Batman v Superman: Dawn of Justice

Review by David Jenkins @daveyjenkins

Directed by

Zack Snyder

Starring

Ben Affleck Henry Cavill Jesse Eisenberg

Anticipation.

It can’t be worse than Man of Steel. Surely…

Enjoyment.

A solid effort that just lacks that bit of honest-to-goodness pleasure.

In Retrospect.

Hey Hollywood, if we took things a little slower, we could make more movies!

Where do trailers end and movies begin? Zack Snyder has the answer with his fever-pitched latest.

Something has gone badly wrong at the lab. The movies being released today aren’t movies. They’re something else, something indistinct and amorphous. They look like movies. They feel like movies. They even smell like movies. But dagnammit, they ain’t movies. They just don’t feel right.

It used to be that the sole function of a trailer was to pique the appetite, a cinematic amuse-bouche if you will. As we watch them, excitement and adrenaline levels build up, images lodge themselves in our psyche and, a few months down the line, we end up capitalising on that urge. A transaction is made and everyone is happy. Candy. Popcorn. A few laughs. To paraphrase The Lion King, it’s the circle of life.

Zack Snyder’s Batman V Superman: Dawn of Justice opens on a shot of a guy stamping on a camera and ends with some bagpipe music. It’s not a movie, but a trailer for another movie. The same human impulses that are leached off of with a well-timed trailer drop have transferred over into the features themselves. The DNA has been mixed. Blood of my blood.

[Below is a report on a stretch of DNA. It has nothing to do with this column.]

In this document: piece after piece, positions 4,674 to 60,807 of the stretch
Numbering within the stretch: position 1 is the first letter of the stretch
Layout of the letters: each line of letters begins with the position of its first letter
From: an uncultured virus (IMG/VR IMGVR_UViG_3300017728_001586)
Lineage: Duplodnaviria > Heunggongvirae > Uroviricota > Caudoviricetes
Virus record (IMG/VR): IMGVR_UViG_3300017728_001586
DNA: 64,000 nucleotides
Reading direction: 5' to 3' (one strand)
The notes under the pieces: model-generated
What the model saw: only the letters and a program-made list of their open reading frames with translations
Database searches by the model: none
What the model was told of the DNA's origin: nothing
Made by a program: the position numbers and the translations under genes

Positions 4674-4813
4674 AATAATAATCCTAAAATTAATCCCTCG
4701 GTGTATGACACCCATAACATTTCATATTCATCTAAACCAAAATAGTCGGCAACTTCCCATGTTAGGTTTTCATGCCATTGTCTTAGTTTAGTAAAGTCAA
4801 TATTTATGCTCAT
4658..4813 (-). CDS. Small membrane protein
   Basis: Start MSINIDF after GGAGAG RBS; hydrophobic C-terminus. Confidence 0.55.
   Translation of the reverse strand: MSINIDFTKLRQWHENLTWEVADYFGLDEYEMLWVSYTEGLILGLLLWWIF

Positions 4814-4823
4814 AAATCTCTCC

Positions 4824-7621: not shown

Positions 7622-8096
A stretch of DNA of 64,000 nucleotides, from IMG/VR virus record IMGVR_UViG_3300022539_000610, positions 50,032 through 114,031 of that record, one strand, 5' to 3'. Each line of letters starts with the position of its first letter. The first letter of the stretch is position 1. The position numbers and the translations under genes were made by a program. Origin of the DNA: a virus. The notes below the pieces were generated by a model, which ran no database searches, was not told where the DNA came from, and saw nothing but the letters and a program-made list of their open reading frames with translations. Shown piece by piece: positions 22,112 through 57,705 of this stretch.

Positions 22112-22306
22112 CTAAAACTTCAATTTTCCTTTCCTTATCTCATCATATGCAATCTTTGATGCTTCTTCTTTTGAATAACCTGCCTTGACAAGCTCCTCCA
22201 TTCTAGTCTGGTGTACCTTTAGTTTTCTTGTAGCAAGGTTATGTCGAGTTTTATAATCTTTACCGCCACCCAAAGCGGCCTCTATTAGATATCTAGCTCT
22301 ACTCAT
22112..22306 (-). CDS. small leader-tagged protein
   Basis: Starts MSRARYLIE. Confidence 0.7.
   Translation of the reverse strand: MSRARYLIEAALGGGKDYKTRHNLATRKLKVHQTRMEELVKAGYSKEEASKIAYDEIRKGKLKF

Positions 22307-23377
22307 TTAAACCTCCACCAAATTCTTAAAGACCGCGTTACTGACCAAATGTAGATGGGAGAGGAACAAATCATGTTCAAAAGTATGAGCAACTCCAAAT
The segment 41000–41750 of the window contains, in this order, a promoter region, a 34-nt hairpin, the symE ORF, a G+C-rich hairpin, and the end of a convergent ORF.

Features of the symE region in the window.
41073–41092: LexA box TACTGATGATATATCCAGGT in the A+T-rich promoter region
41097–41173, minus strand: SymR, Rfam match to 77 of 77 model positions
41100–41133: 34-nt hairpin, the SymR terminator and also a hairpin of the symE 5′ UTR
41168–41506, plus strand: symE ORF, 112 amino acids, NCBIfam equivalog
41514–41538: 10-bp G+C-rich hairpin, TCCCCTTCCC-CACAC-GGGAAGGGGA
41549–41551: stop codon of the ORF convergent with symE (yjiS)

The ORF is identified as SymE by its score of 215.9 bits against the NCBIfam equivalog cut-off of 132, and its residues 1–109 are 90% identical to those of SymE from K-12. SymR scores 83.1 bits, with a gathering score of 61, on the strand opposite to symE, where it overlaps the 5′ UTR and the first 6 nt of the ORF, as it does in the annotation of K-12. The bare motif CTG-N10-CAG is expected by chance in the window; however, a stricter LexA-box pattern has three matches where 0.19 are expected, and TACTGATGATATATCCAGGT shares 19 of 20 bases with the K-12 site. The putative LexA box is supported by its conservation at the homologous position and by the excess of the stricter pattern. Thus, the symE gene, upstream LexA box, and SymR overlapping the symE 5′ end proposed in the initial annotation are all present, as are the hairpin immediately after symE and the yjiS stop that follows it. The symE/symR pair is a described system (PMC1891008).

The balance sheets have been checked twice and the ongoing adventures now serve to rekindle a sense of déjà vu. We don’t see Batman V Superman to enjoy Batman V Superman, but to be wilfully manipulated into thinking that we need to see more Batman V Superman. It’s all foreplay and no climax. The point of closure is no longer the natural dramatic apex of the story – it’s the stuff that happens after that, when the ensuing adventures are ever-more unsubtly teased. Big, important stuff happens in this film, but it’s constructed to feel like just another day at the office.

The trailerfication of movies is nothing new. It’s now common for films to exist as stepping stone works, points between a pre-mapped beginning and endgame. Hell, serials existed as far back as the silent era. Yet Batman V Superman is perhaps the first film to take that transition to its next, unsightly level. The phenomenon of world building is proving to be a financially sound pathway for blockbuster cinema, and in the end, it’s the market that decides. But what will happen when people get wise to the ruse? Will they even see it as such? It’s like calling a service helpline, and just when it seems your query is about to be dealt with, you’re passed on to someone else and have to relay your whole sorry tale again.